- The Pie Car on the train and the Pie Car Jr. (food truck), which serves meals at the arenas, prepares a combined total of 1,000-1,500 meals each week.
- On selected days, the Pie Car offers special dishes featuring favorite performer recipes representing the cuisines of their native countries. Approximately 30 countries are represented on the Blue Unit. The Pie Car Manager strives to create dishes that cater to everyone’s tastes.
- Central Florida native Matt Loory is the Pie Car Manager for the Blue Unit. At age 23, he is one of the youngest PCM’s in Ringling Bros. history.
- How did the Pie Car get its name? There are three versions behind it:
- The old chow houses used to serve primarily meat pies due to their heartiness and low cost.
- Old dining cars on trains used to just serve coffee and pie.
- The name comes from the car's original designation: the "Privileged Individuals and Employee" car... P-I-E Privileged Individuals were those who had paid the show for some sort of concession rights. For example, someone was granted the "popcorn privilege," or the "cotton candy privilege.”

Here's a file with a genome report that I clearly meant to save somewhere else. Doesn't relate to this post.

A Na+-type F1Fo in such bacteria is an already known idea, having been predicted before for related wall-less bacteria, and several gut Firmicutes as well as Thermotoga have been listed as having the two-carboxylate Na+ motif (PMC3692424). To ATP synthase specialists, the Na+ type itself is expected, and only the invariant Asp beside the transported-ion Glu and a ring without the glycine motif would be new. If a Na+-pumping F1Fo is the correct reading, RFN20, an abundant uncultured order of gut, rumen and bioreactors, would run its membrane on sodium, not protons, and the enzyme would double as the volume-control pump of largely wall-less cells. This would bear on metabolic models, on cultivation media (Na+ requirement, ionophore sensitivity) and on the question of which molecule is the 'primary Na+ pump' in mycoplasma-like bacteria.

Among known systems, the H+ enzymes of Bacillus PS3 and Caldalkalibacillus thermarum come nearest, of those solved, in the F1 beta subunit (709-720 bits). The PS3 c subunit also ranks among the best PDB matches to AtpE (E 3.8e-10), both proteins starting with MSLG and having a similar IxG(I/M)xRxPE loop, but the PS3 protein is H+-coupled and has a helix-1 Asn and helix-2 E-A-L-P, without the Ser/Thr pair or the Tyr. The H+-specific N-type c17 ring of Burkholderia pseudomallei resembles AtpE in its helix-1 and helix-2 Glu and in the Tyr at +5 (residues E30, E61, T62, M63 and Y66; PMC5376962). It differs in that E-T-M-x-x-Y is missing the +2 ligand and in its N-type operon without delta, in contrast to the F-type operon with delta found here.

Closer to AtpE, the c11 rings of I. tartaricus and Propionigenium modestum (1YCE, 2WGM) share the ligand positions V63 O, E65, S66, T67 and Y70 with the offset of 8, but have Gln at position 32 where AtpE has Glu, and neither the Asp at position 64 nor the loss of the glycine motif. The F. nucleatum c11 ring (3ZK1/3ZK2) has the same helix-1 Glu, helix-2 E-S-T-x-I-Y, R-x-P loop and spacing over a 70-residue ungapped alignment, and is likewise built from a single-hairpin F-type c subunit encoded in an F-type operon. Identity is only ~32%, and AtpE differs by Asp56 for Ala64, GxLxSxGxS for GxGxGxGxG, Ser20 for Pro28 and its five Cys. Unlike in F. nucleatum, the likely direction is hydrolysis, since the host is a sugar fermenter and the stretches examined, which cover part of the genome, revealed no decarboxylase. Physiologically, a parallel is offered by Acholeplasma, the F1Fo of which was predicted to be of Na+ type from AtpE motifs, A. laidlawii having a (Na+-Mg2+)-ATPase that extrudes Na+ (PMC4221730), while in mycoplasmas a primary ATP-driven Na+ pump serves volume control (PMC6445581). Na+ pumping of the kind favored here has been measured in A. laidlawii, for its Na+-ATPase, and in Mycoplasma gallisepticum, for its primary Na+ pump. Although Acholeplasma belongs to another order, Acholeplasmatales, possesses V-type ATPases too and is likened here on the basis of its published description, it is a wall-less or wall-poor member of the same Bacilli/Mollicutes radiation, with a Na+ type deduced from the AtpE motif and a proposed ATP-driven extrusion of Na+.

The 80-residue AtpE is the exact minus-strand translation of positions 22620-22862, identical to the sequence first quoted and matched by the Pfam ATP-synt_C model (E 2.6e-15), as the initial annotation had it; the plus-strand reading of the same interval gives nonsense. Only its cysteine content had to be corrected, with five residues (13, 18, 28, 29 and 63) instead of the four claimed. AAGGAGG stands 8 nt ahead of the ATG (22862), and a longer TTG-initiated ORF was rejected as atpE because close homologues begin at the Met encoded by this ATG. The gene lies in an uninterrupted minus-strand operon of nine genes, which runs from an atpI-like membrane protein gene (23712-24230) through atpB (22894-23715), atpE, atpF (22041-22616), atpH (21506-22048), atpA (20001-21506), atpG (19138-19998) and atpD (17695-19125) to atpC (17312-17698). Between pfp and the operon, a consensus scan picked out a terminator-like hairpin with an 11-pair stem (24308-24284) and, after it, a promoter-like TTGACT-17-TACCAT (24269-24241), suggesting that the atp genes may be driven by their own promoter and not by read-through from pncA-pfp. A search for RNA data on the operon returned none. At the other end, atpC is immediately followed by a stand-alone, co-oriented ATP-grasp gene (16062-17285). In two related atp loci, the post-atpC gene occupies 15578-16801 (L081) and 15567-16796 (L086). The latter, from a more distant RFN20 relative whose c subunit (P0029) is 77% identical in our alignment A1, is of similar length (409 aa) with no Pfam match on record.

Friday, January 10, 2014
Ringling Bros. and Barnum & Bailey Pie Car
I may be a food blogger, but I also have a big interest in the circus. I choose to fill my spare time with teaching myself circus arts. It started out with juggling, then moved on to unicycle, then stilt walking, then balloon art, and so on and so on. You can find circus props hidden throughout the background of several posts on this blog. Much of the travel food blogging that was written about has been done based around trips to circus festivals and conventions. Because of my rather obscure interests, you can bet I was excited when I received an invitation to visit the circus train for a tasting experience on the Ringling Bros. and Barnum & Bailey Pie Car!